patient access

Intelligent Patient Access for a Healthier Population

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Virtual doctor visit or traditional office appointment? Urgent care clinic or hospital emergency room? Internist or specialist? And does anyone actually have a Saturday appointment available  this weekend? Patient access can be complicated for consumers.

The healthcare system is becoming more complex—creating confusion, uncertainty and anxiety for healthcare consumers. With this increased complexity, patients tend to delay their care or extend their decision-making process. These challenges undermine patient access to care as well as population health.

But when healthcare organizations use smart digital tools to navigate patients—and potential patients—to the right healthcare setting and the right medical provider at the right time, everyone wins. In this post, we discuss the digital tools that are necessary to navigate diverse patient populations to the right care.

Expanding Access Beyond Traditional Channels

Phone calls aren’t going away anytime soon, but patients expect to be able to use websites, text messages and emails to communicate with the healthcare system. Make it easy for them to access care by providing a variety of communication methods.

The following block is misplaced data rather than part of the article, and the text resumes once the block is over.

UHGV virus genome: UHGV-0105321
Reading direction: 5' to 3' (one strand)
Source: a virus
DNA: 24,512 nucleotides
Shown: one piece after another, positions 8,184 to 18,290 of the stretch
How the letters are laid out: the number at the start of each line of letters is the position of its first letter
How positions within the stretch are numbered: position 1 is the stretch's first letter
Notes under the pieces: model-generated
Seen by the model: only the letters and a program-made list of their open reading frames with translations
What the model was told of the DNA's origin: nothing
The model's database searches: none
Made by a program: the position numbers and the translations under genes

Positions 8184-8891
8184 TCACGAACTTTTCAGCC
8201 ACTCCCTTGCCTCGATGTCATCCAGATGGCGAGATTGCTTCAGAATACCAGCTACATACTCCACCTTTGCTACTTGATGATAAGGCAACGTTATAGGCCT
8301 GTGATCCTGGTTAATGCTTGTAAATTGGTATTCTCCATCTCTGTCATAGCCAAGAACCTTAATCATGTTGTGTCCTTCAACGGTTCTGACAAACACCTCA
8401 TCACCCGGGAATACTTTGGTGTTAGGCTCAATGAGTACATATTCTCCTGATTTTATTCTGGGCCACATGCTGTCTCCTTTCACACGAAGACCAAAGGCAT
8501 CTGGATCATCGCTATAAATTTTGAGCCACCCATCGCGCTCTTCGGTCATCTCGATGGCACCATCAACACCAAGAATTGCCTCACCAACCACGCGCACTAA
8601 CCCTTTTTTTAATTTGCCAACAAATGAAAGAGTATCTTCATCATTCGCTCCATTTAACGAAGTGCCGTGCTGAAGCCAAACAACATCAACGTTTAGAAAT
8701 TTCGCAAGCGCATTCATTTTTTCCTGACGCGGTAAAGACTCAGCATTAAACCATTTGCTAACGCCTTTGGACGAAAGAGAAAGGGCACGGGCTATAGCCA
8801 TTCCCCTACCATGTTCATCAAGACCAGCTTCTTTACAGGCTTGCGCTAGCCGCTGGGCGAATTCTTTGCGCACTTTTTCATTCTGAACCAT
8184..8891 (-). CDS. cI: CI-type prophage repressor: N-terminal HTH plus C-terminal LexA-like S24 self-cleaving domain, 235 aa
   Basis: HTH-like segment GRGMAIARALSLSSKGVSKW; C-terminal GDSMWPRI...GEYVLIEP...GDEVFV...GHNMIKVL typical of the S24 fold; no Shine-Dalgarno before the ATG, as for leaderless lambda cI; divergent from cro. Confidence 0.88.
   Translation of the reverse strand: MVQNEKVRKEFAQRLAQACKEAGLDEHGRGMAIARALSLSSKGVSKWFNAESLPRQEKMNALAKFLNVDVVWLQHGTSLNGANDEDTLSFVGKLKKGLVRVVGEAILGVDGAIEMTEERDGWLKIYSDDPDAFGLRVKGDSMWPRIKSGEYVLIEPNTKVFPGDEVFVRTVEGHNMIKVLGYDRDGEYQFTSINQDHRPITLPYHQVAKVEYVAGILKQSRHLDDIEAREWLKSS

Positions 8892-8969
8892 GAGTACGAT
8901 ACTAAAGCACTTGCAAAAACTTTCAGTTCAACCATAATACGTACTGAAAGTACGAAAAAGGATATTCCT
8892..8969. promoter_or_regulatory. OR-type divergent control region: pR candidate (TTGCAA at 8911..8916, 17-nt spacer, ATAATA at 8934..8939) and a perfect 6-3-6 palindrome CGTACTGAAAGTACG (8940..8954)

Must-Have Digital Tools for Intelligent Patient Access

Let patients access care via online channels they already use and trust. These channels include:

  1. Provider website - To capture and convert inbound traffic into new patients, the provider’s website is a crucial channel. To maximize this tool, websites should include find-a-doctor functionality, click-to-call CTAs to schedule an appointment, and the ability to book online appointments.

  2. Health plan websites and applications - Consumers are concerned with insurance acceptance when scheduling appointments. To meet this need, scheduling functionality should be embedded on leading health plan sites and applications.

  3. Search - There are a number of ways to extend access to the Search Engine Results Page (SERP). These options include: search engine optimization of provider profile pages; paid search ads offered by Google, Bing, and Yahoo! Gemini; or embedding scheduling functionality within a health center’s Google My Business location. We recommend a mixture of tactics to achieve greater share of voice (SOV) on the SERP.

  4. Social Media - ‘Book Now’, ‘Schedule an Appointment’, and other buttons and links can be added to Facebook, Instagram, and Twitter company profiles. These provide yet another digital channel for consumers to access your providers.

  5. Accessibility - Patients with language barriers and disabilities want to communicate online, too. Make it possible by providing translation tools and voice-enabled capabilities.

  6. Virtual Visits - Consumers are demanding virtual visits according to an Accenture survey. 76% of survey respondents stated they would use virtual services for follow-up appointments. By providing virtual visits, providers can save costs while significantly expanding access.